Both our sinful nature and our modern culture instill within us feelings of personal sovereignty. What would it look like for you to release control over things that you are not in charge of? In which areas of your life do you struggle to release control to God? Why?
We often abandon our identity as God’s people and shop around for other identities (parent, businessman, athlete, American, etc.). With what roles in your life do you tend to over-identify?
Our desires to self-actualize and “fulfill our potential” are a form of idolatry. How can you change your thought patterns around this idea and realize that you are a small player in God’s much larger story?
God’s plans are often different from our own, but they are always better. Was there a time in the past when you experienced this truth? Can you receive direction from God—particularly when it is different from your plans?
There are some things we receive from God, and there are some things we are responsible for. How can you grow in discernment between these things and focus on being faithful and honoring God in the areas where you are actually in charge?
In our advanced society, there is an embedded cultural arrogance. This natural independence has instilled in us a sense of personal sovereignty. We must reject this notion and come under God’s authority as his creation.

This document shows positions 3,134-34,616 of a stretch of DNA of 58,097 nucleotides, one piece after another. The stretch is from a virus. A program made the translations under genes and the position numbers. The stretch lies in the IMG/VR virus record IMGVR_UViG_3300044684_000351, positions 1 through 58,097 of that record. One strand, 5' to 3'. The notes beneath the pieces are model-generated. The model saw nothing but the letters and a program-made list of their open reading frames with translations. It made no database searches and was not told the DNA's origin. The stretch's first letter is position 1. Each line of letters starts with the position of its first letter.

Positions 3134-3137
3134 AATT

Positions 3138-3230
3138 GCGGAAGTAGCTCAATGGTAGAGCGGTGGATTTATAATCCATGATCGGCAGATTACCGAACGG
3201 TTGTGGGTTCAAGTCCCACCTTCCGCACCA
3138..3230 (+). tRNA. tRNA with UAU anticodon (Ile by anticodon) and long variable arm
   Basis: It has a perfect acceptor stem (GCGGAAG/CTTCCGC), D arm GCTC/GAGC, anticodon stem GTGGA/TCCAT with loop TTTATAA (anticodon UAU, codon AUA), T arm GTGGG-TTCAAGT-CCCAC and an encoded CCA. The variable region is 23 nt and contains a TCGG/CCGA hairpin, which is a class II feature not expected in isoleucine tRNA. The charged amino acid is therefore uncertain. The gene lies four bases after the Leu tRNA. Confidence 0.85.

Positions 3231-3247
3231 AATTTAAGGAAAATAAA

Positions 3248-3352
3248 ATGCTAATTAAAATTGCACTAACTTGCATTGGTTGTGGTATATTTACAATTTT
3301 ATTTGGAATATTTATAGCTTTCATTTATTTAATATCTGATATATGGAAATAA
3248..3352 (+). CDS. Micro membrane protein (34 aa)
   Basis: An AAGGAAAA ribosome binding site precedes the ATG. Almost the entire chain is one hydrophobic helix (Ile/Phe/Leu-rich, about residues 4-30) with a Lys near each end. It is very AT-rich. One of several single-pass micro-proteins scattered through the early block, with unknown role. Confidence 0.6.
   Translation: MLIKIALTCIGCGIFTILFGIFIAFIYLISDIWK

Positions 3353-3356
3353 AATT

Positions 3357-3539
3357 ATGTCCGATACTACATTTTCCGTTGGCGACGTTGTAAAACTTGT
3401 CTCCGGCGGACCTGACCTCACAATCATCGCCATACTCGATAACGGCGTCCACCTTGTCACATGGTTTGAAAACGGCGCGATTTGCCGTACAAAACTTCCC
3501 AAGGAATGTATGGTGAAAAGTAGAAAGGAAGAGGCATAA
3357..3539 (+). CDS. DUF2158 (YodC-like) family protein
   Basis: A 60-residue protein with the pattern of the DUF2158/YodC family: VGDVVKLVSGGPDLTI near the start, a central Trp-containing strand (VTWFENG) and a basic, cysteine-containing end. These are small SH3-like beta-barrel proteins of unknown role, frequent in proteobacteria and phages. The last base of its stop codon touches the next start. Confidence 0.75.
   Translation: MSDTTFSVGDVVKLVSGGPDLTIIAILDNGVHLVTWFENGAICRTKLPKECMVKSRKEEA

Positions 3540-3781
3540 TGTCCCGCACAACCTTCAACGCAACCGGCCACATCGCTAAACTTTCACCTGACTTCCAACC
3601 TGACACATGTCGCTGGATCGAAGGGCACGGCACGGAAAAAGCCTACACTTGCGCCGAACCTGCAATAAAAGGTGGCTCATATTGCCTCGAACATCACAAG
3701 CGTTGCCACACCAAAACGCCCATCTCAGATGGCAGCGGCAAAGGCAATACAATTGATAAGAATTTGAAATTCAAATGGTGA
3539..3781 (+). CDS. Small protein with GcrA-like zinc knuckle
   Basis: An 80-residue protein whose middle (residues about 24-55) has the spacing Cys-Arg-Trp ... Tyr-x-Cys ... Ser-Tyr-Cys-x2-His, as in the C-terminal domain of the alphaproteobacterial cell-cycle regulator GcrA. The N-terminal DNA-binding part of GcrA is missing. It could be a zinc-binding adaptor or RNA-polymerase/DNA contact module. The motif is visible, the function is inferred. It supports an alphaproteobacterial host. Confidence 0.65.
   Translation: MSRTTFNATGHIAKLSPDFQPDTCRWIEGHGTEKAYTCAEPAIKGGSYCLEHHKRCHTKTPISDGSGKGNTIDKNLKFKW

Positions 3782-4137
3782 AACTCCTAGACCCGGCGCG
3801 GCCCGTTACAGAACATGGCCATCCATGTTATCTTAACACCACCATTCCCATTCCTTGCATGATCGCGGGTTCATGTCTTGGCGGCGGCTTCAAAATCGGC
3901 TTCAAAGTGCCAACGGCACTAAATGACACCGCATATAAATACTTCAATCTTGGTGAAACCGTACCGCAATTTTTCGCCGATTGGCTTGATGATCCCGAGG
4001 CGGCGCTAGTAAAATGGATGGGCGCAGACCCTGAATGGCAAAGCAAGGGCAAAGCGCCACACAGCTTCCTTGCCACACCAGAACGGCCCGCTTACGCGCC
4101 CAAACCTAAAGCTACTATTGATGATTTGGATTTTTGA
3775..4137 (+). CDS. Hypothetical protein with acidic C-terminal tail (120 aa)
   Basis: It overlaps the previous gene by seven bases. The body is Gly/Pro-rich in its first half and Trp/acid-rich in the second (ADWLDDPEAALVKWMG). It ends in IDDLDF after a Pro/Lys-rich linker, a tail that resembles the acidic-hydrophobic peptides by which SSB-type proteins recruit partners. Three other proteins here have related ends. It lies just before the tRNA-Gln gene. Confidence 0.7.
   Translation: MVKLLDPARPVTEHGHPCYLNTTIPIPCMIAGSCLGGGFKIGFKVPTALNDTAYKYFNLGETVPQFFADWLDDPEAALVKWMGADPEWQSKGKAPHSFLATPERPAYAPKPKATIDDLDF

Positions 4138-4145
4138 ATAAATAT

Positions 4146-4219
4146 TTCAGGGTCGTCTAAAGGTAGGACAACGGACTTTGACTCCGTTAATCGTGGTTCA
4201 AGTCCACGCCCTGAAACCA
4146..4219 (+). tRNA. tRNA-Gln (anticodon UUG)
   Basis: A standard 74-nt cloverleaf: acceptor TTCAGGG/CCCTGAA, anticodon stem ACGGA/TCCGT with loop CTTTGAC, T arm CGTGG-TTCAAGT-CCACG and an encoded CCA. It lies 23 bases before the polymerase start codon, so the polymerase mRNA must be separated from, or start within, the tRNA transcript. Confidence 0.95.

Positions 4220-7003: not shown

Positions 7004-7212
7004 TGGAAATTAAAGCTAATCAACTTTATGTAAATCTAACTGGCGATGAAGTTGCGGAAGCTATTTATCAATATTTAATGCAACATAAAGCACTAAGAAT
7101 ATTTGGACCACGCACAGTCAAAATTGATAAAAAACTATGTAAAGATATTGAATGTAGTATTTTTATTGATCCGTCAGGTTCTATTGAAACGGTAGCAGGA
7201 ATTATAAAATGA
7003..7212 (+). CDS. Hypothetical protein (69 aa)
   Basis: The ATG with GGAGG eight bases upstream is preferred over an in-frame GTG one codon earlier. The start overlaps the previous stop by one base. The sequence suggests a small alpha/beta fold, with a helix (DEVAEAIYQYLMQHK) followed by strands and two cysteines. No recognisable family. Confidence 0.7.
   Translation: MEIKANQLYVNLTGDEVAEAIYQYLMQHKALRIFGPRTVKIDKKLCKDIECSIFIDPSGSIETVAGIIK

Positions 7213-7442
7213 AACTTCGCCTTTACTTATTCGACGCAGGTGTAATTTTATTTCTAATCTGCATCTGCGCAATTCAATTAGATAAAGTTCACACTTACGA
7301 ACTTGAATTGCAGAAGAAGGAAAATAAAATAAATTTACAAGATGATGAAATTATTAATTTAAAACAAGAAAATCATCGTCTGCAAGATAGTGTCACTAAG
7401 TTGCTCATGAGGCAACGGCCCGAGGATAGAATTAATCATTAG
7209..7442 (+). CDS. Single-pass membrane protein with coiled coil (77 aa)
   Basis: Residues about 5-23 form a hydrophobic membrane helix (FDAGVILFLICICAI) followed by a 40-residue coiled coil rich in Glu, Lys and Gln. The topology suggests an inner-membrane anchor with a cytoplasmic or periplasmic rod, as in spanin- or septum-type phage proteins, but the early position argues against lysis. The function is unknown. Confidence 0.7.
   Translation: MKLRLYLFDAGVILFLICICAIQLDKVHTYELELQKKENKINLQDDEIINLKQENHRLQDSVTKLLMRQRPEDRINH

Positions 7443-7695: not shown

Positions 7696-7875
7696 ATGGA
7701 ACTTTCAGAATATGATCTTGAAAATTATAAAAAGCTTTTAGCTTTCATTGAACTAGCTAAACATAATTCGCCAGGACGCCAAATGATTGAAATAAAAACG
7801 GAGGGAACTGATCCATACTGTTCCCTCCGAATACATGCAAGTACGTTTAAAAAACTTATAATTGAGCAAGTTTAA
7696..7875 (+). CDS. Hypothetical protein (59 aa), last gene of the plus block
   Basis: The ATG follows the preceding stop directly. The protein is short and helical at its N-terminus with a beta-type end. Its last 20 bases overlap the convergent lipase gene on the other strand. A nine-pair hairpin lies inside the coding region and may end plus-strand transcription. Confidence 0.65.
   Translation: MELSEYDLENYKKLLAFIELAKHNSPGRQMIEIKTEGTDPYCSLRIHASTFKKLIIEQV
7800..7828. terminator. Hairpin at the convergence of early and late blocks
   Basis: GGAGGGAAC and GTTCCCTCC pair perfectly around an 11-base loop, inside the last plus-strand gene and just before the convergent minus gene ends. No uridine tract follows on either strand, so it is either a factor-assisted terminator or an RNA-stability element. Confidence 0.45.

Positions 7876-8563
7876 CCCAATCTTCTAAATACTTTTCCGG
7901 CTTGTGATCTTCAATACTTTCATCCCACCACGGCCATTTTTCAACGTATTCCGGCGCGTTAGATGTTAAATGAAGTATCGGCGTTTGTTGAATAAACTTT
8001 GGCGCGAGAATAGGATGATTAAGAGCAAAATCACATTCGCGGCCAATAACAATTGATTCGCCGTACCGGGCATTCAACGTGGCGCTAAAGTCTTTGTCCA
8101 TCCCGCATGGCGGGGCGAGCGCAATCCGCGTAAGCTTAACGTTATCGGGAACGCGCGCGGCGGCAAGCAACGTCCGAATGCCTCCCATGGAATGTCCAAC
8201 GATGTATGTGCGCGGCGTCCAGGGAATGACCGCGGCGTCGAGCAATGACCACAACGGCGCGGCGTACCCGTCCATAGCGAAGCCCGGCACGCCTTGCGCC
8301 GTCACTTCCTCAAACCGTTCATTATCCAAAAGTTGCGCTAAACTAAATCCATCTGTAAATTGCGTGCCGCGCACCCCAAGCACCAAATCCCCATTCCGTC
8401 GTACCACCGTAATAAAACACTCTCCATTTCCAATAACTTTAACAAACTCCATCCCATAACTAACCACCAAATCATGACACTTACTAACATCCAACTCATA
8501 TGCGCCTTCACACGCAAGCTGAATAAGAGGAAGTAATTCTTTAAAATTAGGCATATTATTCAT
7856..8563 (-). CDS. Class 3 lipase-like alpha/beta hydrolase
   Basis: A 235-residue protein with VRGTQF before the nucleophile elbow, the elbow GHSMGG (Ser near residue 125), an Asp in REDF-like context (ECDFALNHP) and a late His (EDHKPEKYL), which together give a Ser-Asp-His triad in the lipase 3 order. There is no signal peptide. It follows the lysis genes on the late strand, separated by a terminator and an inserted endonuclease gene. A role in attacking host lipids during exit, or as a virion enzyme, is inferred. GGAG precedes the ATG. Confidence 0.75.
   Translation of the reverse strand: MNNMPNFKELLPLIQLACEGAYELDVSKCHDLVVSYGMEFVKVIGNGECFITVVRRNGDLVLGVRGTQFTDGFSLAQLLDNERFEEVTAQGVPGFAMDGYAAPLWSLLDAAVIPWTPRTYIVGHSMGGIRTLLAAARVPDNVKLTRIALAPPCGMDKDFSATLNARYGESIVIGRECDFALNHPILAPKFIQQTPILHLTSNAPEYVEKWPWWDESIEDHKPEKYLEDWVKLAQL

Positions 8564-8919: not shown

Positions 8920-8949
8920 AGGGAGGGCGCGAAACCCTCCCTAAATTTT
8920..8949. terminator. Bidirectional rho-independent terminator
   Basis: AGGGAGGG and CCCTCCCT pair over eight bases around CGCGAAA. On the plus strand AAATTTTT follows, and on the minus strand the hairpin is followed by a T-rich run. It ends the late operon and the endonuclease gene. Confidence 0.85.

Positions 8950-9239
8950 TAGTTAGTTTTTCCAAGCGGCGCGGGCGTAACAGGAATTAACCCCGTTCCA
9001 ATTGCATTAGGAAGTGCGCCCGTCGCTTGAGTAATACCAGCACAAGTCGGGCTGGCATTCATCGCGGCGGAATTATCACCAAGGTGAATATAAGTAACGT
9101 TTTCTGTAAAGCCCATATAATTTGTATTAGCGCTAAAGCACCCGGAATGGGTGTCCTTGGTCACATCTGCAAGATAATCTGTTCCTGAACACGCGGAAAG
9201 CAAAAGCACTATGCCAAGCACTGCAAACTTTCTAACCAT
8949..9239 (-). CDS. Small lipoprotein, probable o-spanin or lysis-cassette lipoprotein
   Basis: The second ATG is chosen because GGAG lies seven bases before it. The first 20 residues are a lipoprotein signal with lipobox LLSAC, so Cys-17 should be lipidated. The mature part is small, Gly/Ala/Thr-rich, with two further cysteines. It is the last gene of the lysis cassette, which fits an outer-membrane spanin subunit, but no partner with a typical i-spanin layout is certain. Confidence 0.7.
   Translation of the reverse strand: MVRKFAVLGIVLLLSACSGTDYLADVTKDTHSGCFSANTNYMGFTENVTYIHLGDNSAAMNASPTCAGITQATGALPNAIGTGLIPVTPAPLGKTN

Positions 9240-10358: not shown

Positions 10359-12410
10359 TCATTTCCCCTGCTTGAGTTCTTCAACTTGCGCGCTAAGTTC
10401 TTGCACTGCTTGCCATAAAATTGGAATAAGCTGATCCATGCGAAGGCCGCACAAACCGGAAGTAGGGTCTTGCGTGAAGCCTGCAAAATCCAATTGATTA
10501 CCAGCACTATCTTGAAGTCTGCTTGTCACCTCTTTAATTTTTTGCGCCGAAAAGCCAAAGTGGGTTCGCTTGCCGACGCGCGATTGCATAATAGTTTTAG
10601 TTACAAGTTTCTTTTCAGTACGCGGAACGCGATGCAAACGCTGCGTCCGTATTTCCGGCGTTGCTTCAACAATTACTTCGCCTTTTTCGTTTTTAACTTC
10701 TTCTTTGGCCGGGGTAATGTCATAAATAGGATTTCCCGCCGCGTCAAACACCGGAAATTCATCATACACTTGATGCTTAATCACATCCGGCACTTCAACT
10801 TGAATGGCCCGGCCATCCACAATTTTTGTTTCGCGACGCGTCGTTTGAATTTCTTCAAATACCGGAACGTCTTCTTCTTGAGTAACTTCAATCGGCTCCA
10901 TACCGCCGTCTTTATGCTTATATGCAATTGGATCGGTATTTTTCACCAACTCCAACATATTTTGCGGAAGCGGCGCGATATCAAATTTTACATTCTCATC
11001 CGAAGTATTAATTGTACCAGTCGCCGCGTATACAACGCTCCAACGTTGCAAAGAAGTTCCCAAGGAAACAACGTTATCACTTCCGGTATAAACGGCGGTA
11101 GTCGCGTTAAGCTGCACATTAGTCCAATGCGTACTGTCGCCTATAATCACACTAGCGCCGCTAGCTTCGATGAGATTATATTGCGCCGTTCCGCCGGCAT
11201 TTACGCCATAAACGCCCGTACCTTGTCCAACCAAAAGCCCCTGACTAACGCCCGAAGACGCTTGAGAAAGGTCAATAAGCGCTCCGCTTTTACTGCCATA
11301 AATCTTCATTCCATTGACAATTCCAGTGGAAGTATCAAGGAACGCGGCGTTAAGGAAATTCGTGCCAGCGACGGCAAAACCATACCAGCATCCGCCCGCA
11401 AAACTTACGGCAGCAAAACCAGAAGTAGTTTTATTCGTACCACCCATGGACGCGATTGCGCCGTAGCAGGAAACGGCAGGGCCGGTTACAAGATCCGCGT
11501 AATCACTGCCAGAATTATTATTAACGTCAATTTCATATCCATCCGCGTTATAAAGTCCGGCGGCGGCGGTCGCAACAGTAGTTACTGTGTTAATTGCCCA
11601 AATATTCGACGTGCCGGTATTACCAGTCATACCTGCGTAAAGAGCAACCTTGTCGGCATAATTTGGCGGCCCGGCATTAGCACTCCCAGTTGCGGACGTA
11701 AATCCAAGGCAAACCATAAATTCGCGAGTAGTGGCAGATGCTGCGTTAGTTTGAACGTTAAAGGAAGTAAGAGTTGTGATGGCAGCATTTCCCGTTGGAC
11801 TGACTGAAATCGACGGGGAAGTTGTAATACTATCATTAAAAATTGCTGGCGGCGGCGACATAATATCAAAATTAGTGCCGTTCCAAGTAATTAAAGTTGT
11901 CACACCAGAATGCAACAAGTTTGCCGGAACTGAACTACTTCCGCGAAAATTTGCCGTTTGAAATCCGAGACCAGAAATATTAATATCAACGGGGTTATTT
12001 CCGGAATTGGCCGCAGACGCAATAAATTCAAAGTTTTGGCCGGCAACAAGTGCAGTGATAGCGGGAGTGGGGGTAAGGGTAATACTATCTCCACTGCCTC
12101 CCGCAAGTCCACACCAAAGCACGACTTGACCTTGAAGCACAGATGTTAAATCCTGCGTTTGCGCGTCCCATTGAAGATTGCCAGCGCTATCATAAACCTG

We have a tendency to abandon God, distance ourselves from him, and try to create and adopt new identities for ourselves.
Scripture tells us that we are created by God, in his image, and for his purposes and glory. We must give ourselves back to God because we are his.
There are some things we determine in life, and there are some things we receive from God. However, our small level of responsibility often feeds our sense of sovereignty and power. This is when we mistakenly claim responsibility for our life and abandon our position as created beings.
In the grand scheme of the universe, we are small players. It is a privilege to be a small part of this much bigger story of God’s love for his Son, his grace towards us, and Jesus’ honoring of the Father through our redemption.